That New Car Smell and Invisible Customer Service
Not all customer service needs to be red carpet, or concierge service. Sometimes invisible customer service is the best and what the customer wants. Credit unions may need to consider whether their members need much more than this in general.
By Kevin Smith
So, I just bought a new car recently, a 2020 Suburu Outback. And in case you think that this sounds a bit bragg-y, this car is a replacement for a 2006 Minivan with 165K miles, a rebuilt transmission, and in my favorite color (my favorite color = paid for). No, I’m not a new car every year kind of guy. For anyone that knows me this is a “no kidding” moment if there ever was one.
I’ve been reflecting on the experience of buying a new car and how much that’s changed over the years, even before the Minivan. And I’ve been comparing this with my experience working with credit unions as they try to engage with their members and compete with other providers.
90% of the buying experience was done before we even walked on a dealer lot. My wife and I narrowed down our options to 3-4 that suited our needs. We did research online and pretty much knew what we wanted and what we were going to pay when we left the house.
Our biggest decision was in comparing the low miles 2019 version on the lot and the brand new 2020. (You know how that ended).
Can a Car Salesperson Be Model?
Dealing with car salespeople is the stuff of legends. Stereotypes abound of greasy hucksters and high-pressure tactics but as you all know the world has changed. Our experience with the dealer, the salesperson, the finance person, the showroom manager, everyone, was … well, fine. They neither over- nor under-whelmed. They just whelmed us. (Can you do that? Just whelm? I like it.)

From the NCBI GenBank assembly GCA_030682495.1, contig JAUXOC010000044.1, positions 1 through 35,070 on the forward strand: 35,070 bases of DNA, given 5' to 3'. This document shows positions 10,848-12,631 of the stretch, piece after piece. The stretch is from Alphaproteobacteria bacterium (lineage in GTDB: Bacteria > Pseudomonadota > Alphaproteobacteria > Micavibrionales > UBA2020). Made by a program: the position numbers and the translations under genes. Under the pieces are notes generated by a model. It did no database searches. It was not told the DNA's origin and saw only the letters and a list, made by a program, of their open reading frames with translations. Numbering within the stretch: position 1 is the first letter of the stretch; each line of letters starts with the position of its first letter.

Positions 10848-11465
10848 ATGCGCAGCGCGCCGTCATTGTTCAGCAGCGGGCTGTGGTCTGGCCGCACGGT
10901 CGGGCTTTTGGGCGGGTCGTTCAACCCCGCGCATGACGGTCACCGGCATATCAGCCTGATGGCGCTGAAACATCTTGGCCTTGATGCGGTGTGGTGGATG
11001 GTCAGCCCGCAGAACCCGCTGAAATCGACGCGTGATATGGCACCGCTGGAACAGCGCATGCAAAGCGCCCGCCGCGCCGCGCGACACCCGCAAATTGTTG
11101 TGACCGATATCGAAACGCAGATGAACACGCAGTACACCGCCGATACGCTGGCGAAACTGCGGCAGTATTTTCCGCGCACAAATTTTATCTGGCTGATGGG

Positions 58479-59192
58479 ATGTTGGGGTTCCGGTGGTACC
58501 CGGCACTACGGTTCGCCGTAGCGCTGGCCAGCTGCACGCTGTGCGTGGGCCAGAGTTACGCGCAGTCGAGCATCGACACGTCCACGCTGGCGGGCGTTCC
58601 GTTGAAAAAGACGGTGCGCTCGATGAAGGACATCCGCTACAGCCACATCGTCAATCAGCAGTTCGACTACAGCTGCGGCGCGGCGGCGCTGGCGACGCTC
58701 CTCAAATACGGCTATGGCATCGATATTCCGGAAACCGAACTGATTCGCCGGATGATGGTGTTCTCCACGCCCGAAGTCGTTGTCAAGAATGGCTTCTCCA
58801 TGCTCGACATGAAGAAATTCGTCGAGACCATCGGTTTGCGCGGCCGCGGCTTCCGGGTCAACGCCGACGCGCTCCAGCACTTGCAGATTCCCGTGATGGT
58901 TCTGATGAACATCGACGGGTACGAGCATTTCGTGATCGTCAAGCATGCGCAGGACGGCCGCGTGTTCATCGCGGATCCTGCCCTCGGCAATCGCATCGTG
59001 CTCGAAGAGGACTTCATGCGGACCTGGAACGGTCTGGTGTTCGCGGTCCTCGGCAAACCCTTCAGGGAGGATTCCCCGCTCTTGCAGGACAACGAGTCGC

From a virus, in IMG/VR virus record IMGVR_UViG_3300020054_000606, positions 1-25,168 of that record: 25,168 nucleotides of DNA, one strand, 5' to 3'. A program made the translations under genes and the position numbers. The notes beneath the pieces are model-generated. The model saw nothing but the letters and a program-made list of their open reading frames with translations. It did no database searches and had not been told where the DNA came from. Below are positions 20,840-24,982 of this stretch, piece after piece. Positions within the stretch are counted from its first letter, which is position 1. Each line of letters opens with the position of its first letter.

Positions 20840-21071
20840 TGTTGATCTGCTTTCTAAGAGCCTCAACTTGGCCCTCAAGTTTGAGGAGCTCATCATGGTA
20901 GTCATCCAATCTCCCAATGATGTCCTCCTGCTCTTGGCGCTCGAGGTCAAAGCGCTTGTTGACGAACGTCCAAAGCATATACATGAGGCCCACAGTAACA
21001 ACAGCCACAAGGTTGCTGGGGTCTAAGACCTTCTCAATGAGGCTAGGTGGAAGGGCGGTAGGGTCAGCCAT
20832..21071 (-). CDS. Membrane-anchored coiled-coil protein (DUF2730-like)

Here’s the thing, the salesperson literally took a backseat to let the product sell itself. He watched as we drove and supported the process from the back seat, showing us what we couldn’t find immediately and explaining as questions arose. He melted into the background. So much of the technology is intuitive these days. It was hands-on experiential learning (a blog post topic for another day, thanks @amyclimer).
And the technology of the new car was very overwhelming to me, a guy who was hanging on to the 2006 minivan with all his might. It’s very cool. When I sit in the car, it scans and knows it’s me and automatically adjusts my seat and mirrors to my settings. And that’s just ONE THING! The car sold itself … with a little bit of human support.
Invisible Service to Create Raving Fans
Am I a raving fan? Well, the car has less than 200 miles on it yet so we’ll have to wait and see, but all signs point to “yes” so far. Will I send people to that dealership? You bet yer bippy I will!
I didn’t need or want to have my socks knocked off with customer service. I wanted my needs met as easily as possible and wanted the support exactly when I needed it (not too early, and certainly not too late. My boss calls this the ZMOT, zero moment of truth).
For credit unions out there – I worry that we’re missing a great customer member-service option in letting the product sell itself and in having the right awareness of member needs to support them along the path, from the backseat. (No, I don’t want a latte. I want you to make sure my deposit cleared and get me my replacement debit card five minutes ago.)
Is there opportunity in invisibility? (Marketing people, just bite your tongues. This is not about branding. Note my very first sentence.) Do people really need red carpet service at their PFI?